Tips for Travel Nurses, From Nurses

December 7th, 2018

Cathy Verlinda, Director of Clinical Services 

Welcome to the exciting, adventurous world of travel nursing!  Travel nursing provides a unique opportunity for career growth by seeing how other facilities provide care.  As a travel nurse you can focus on taking care of your patients and learning from new experiences while visiting fun and exciting areas of the country.

 “Pearls of Wisdom” for your first travel assignment:

  • Organize all your documents and keep them in a file for future use, including;
    • Immunization / titer records.
    • Licenses– if you want to go to a different state from where you are licensed, your recruiter can provide you with up to date licensing information about each state.  For additional information you can contact that state’s Board of Nursing directly.
    • Specialty certifications:  BLS, ACLS, NRP, TNCC, etc.
    • Current Health Statement.
  • Pick a place you are familiar with for your first travel assignment, one with friends or family close by.  It will help calm your nerves while on your first travel assignment.
  • Do your own research.  Before signing your contract as a first-time travel nurse, research which company you want to work with. Accountable is always available to walk you through making these important decisions.  Think about where you want to work.  Ask other travelers their opinion. Write a list of what is important/what you’re looking for on your first travel assignment. 
  • Take care of your home logistics:
    • Lights, gas, do they need to be turned off and does your mail need to be forwarded?
  • Pack smart. Your assignment is for 13 weeks, take that into consideration as you are packing.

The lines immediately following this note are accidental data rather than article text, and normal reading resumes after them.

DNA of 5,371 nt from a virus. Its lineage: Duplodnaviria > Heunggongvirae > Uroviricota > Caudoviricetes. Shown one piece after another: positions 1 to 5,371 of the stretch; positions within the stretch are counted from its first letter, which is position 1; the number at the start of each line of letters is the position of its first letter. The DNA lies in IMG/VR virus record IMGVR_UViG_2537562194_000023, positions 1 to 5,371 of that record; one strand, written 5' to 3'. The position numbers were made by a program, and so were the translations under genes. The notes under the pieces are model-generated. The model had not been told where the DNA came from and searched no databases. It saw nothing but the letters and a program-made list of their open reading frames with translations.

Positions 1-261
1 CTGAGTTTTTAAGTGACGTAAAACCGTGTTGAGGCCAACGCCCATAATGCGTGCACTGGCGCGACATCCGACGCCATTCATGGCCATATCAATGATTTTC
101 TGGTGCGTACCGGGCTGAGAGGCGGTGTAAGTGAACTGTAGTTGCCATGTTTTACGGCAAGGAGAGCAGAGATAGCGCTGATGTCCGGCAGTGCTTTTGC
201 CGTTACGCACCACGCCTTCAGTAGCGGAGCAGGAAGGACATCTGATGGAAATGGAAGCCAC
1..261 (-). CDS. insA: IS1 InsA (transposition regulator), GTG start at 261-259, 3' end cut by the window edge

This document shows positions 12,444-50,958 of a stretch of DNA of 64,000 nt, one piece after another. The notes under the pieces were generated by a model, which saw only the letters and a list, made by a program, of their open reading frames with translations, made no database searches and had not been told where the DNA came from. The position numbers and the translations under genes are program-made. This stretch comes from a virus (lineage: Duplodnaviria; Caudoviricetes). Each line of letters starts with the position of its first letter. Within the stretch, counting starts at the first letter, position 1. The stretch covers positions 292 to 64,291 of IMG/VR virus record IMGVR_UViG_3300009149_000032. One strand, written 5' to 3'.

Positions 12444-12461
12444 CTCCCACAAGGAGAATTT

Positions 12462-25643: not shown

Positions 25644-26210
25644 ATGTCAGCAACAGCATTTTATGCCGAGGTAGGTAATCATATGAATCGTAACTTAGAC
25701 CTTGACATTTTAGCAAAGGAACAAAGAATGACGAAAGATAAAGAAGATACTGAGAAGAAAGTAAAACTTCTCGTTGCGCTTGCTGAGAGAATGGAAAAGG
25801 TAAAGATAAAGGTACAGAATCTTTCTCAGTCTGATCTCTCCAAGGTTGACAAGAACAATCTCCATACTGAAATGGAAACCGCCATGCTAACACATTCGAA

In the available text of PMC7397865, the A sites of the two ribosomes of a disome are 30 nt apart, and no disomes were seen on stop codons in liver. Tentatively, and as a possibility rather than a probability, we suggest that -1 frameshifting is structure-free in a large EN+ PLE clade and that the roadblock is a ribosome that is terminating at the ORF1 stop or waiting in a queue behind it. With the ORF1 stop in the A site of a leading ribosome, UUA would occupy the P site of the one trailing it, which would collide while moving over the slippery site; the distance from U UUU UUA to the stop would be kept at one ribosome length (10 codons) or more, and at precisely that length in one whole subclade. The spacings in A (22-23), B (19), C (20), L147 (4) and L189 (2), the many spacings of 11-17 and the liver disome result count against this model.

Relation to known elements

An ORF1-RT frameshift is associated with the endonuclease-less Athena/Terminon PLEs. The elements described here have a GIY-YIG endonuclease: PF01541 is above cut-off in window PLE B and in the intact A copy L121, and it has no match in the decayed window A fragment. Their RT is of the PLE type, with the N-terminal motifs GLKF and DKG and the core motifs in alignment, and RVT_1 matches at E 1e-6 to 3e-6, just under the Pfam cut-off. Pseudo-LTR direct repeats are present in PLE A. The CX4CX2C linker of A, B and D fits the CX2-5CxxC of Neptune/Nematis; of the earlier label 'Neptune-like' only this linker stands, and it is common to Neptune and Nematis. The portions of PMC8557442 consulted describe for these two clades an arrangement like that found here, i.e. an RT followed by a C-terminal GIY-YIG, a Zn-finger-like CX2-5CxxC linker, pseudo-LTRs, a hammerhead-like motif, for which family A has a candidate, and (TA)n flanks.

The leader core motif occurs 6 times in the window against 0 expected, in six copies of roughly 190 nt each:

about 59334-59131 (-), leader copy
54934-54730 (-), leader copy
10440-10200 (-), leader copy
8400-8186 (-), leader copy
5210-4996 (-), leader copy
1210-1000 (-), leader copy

• Decide on housing. Have this scheduled before you arrive for your assignment.  Contact your recruiter for help finding housing if needed. 
  • Driving. If you are driving a long distance to your travel assignment, make sure your vehicle is road worthy.
  • Do a dry run before starting your first assignment.  Practice your first day.  Check to see if commuting/traffic is an issue and the length of time you need to arrive on the unit on time.  Find out where to park and how to get to your assigned unit. Is there a parking cost, if so how much?
  • First Day. Be prepared to make a good impression on your first day, it sets up your entire assignment.  Arrive early, be cordial and professional.
  • Orientation. Most facilities provide orientation to their systems and sometime on the unit. To help you for the next few weeks after that orientation, recruit a nurse you work with to be your “mentor.” This way you know who to go to for questions, it will save you a lot of time.
  • Be flexible to location, setting and facility.  You may not always be able to get your preferred position immediately because there may not be a need. Being flexible will set you up to be working as soon as possible.   Be patient and work closely with your recruiter, that perfect position will come.
  • Stay connected with your recruiter.  Your recruiter will be with you every step of the way answering questions and guiding you through the process.  Your recruiter will support you throughout your assignment. Call them whenever you have a concern, issue or question.  They are here to support you and help you have a successful travel assignment.
  • Pets. Are you traveling with pets?  Let your recruiter know so they can help support you with anything that might come up.  Does your pet need to see their vet before traveling with you?  Are their immunizations up to date? 
  • Think about your next assignment, 13 weeks goes by quickly. It’s never too soon to start talking with your recruiter about what’s next after this assignment.  Do you want to extend, or do you want a new assignment?

You’re off and running on the next exciting phase of your career! 

Search our Travel Jobs HERE.